Travel writing can also be broken down into the type of story you’re trying to tell.  There’s the exotic travel story focused on far off places and unusual personages.  Then there’s the city story, where details and descriptions are utilized to communicate the personality of a town to the reader – hip Barcelona, sleepy Savannah, boisterous New Orleans.  A corral story groups together different trips under a similar theme – kid-friendly getaways, for example, or romantic weekend jaunts.  There are history stories, where the travel writing focuses on the history of a place, like the terracotta soldiers of China or a trip to Hoover Dam.  You can simply reminisce about a scenic drive, looping around a central point (i.e., sights to see outside of Vegas) or travel in a straight line from point “A” to point “B” (i.e., cruising down the Pan American Highway).  You can develop a transportation story by focusing on how you get around in a particular locale, like renting a Porshe and driving along the Almafi coast. Another option is Ecotourism, where you detail how to vacation and protect the environment by doing something like swimming with dolphins or clearing hiking trails in Appalachia. You could even pick an exotic sport and explain it within the context of the location where it originated (surfing in Hawaii), or choose a regional dish epicurial or unique local service. Even a familiar activity like shopping, for example, picking cowboy boots in Austin, can add color and uniqueness to your piece.  The trick is to zoom in on a special interest and expand from there.

And while the TSA has indeed made some inroads into our comfort levels while on the road, in truth the “travel” part of travel writing is the easiest element to master.  The challenge is getting those experiences down on paper.  A successful travel story draws a conclusion about “what it all meant.”  There should be telling, precise and poignant details and moments: graffiti on the walls of Alcatraz, a soldier leaning near the wailing wall, a coyote cruising down Sunset Blvd at 4 am.  You should also aim for universal connection by adding up all the particular elements of your story to reveal one central theme.  Other tips: write in specifics, use sensory language, avoid hackneyed phrases and flowery prose.  Finally, sit down for a moment and just visualize the scene around you – think of those San Francisco trolleys, clanging up the hill as the warm steam of your black coffee hovers by your chin under cloudy skies.  Or the grumble in your stomach as you shift your weight and dodge the elbows of fellow tourists while you angle for one last glimpse of the Mona Lisa before you head out the door.  Visualize it, and the great travel story will follow.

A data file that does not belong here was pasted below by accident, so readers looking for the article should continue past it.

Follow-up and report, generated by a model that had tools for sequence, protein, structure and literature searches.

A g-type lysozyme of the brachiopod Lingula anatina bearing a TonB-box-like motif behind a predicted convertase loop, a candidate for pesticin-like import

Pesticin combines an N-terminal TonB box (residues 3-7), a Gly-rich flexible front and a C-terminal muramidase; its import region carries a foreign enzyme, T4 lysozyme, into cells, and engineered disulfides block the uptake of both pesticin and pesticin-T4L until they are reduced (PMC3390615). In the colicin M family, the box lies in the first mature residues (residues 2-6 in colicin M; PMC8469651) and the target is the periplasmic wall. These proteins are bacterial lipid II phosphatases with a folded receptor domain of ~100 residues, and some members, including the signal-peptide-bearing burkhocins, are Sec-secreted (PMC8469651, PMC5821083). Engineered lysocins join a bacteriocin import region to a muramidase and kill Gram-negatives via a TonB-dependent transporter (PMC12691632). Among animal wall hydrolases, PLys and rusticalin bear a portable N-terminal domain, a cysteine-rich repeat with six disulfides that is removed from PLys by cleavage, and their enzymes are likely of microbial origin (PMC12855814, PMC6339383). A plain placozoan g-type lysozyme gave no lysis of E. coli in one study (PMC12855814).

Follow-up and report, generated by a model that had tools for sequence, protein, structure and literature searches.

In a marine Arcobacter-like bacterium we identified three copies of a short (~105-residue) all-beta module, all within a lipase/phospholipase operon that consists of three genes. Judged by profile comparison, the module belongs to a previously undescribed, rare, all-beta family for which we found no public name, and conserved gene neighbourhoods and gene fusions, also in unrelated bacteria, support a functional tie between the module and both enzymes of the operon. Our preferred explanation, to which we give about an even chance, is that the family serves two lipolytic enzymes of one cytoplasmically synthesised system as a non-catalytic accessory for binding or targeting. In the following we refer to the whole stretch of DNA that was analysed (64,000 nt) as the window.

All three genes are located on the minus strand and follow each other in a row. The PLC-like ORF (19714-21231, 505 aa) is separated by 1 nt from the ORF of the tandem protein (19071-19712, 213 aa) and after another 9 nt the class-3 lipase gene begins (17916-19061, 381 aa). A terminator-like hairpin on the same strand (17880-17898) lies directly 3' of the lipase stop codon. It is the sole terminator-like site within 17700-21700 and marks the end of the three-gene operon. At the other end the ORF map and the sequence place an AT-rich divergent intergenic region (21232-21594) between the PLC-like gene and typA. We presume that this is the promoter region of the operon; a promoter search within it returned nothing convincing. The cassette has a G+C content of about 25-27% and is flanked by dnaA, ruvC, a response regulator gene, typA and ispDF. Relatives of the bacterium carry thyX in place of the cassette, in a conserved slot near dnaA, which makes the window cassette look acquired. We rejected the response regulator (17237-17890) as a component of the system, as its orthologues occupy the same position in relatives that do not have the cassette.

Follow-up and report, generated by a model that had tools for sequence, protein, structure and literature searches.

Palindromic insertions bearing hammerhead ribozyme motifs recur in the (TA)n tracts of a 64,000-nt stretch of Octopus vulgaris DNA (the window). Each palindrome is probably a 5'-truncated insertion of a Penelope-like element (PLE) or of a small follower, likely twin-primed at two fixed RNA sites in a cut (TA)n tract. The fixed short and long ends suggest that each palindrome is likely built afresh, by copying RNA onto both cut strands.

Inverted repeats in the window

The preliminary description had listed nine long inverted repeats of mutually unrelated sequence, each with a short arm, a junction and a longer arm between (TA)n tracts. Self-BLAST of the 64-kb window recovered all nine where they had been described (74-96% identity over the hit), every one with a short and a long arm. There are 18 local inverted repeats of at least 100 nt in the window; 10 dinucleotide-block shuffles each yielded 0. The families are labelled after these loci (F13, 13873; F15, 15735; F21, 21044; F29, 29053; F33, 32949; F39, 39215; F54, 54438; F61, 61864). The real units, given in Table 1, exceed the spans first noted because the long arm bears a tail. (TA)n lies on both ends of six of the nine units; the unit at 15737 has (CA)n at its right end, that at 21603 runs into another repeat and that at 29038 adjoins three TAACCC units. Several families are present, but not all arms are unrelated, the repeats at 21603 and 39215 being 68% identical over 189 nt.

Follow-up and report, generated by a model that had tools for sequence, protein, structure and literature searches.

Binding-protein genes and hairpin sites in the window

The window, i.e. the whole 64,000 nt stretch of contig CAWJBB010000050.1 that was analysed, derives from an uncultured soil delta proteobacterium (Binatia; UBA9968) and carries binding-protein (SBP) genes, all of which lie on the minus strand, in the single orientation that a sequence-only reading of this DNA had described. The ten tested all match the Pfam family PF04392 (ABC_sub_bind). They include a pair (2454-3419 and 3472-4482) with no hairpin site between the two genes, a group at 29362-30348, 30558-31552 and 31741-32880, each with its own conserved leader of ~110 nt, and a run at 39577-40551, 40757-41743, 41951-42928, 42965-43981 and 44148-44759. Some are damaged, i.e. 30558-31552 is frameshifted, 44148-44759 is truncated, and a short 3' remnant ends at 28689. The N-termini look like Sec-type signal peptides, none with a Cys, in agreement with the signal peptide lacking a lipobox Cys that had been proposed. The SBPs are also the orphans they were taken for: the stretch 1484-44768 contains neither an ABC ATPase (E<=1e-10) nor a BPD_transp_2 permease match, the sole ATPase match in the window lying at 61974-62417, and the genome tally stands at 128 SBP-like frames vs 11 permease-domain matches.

I know you’re not necessarily writing for your own pleasure, and while I’m a firm believer in the focusing on the experience rather than the outcome, it makes sense to include a few notes about selling your work.  Travel writing is a small market, getting smaller every day as newspapers shrink and publishers fold.  Nevertheless, it’s best to start in your own backyard. If you’re local newspaper no longer carries a travel section, see if there are some community focused magazines you can pitch to (for example, in Santa Barbara we have more than one wine magazine designed just for the tourist trade – here’s my guide to wine tasting in the Santa Ynez Valley).  It’s not necessary to go after specifically focused travel publications either – I’ve traveled all over the world as the editor of Water Efficiency magazine, and some of my favorite editorials and blog entries have essentially been travelogues of my adventures abroad (click here for my recent trip to Israel).

One last resource, check out http://www.travelwriters.com/, which updates travel publications regularly.  The primary intent of travelwriters.com is “ to connect top-tier writers with editors, PR agencies, tourism professionals, CVBs and tour operators, nurturing the important link that so heavily influences the travel media.”

Now pack that bag, grab your passport and go live some material!